3. For Eternity

    The IRS says on their website that they usually don’t go back more than 6 years for an audit.

    That being said, any sign of fraud or extenuating circumstances, even if accidental, can enable the IRS to, essentially, come after you forever.

    If your taxes aren’t categorized by any unique circumstances for a particular tax season, then the statute of limitations really does protect you with the 3-year window. 

    What If You Can’t Afford to Pay?

    There are many ways you can reduce your IRS tax balance.

    First and foremost, decide if you agree with what you owe. IRS workers are human after all, and humans make mistakes. So don’t necessarily take their word over your own if something seems to be off.

    You can negotiate with the IRS, but it’s essential to have representation, especially if you go for an audit in person. A tax expert can both guide and represent you so that much of your burden is alleviated, knowing that you will get through this the right way.

    In addition to negotiating, there are other options such as claiming bankruptcy, setting up installment payments, or asking for a hardship suspension.

    One thing is for sure, if it’s just money you aren’t paying, you will not go to jail. You can never, under any circumstances, go to jail for not paying what you owe. If you have made false claims or misreported income, however, you may go to jail for those crimes.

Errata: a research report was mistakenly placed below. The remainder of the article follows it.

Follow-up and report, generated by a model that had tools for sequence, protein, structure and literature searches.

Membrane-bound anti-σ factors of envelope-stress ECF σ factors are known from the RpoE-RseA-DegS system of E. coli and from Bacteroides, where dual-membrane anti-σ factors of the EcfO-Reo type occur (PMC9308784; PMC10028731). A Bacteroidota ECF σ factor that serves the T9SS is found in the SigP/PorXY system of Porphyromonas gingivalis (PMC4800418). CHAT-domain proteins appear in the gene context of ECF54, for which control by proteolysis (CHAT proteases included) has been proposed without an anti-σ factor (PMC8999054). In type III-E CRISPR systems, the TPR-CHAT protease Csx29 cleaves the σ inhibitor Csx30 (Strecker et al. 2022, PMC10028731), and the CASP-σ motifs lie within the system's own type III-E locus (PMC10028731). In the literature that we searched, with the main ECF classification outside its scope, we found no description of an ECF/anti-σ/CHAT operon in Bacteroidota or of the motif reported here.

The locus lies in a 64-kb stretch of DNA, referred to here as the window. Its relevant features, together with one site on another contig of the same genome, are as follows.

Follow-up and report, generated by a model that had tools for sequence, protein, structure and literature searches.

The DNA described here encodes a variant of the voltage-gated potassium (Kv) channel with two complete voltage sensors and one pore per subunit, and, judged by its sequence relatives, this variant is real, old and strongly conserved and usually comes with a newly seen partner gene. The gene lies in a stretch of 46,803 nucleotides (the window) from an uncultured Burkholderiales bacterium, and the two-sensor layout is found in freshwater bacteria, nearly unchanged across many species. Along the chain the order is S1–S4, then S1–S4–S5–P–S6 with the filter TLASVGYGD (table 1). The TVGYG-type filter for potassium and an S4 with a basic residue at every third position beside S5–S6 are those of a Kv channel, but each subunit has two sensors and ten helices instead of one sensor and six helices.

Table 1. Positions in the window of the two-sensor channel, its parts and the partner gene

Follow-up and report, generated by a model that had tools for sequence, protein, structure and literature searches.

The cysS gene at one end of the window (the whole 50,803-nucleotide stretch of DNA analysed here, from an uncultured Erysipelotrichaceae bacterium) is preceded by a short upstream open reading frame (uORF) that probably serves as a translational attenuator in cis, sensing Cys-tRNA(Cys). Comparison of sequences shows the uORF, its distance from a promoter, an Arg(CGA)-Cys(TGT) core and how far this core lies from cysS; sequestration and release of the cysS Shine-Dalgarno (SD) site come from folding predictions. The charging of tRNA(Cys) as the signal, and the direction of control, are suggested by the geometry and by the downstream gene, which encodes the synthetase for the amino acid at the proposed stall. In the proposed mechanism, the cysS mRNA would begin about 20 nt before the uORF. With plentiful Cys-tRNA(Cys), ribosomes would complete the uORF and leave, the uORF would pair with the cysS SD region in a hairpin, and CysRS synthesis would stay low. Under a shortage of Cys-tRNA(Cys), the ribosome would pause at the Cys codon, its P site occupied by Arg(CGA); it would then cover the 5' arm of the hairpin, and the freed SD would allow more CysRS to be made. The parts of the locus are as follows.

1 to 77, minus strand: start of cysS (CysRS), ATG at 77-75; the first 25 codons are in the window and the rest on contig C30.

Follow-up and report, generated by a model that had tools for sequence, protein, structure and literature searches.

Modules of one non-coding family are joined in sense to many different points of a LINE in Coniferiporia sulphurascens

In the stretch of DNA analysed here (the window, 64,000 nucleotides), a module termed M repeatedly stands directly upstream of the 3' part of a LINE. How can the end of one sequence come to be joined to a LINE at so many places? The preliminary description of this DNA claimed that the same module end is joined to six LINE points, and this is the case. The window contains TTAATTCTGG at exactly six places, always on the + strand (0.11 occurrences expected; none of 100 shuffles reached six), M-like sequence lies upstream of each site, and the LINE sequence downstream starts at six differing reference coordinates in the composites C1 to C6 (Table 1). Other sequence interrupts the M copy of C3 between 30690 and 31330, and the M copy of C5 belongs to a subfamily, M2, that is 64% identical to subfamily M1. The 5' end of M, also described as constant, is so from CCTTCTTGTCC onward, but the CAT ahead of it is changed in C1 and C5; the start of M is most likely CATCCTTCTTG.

If you’re reading this and consumed by worry, contact us 24/7 for a FREE consultation.

    What Can a Tax Attorney Help With?

    If time isn’t on your side and the IRS is actively threatening you, we can provide you with emergency assistance. Within 24 hours we can stop the IRS from levying your bank account, freezing any other assets you might have, and taking from your salary.

    We can help you no matter what. If you’re financially strapped and can’t afford to pay what you owe, we can help. If you’re facing criminal charges or protecting offshore accounts, we can help.

    We have eliminated over $600,000 in tax debt.

    Where Should You Go from Here?

    Read your letter(s). Instead of fearing and avoiding the IRS, make a choice to face them head-on. The first step in doing so is to understand precisely what they’re asking for and why they’re asking for it.

    So how far back can the IRS audit? In most cases, it’s 3 years. But in extraordinary circumstances, the IRS can audit upwards of 6 years.

    Nip it in the bud now and seek help. It won’t cost you a dime to get started, and you’ll feel at ease knowing experts are by your side. Plus, it’s likely that you won’t pay nearly as much as they claim you owe. We are here to negotiate for you and come to an agreement you are comfortable with.

    Want to learn more about taxes first? Click here to check out our blog to learn about all things taxes. And remember to stay calm!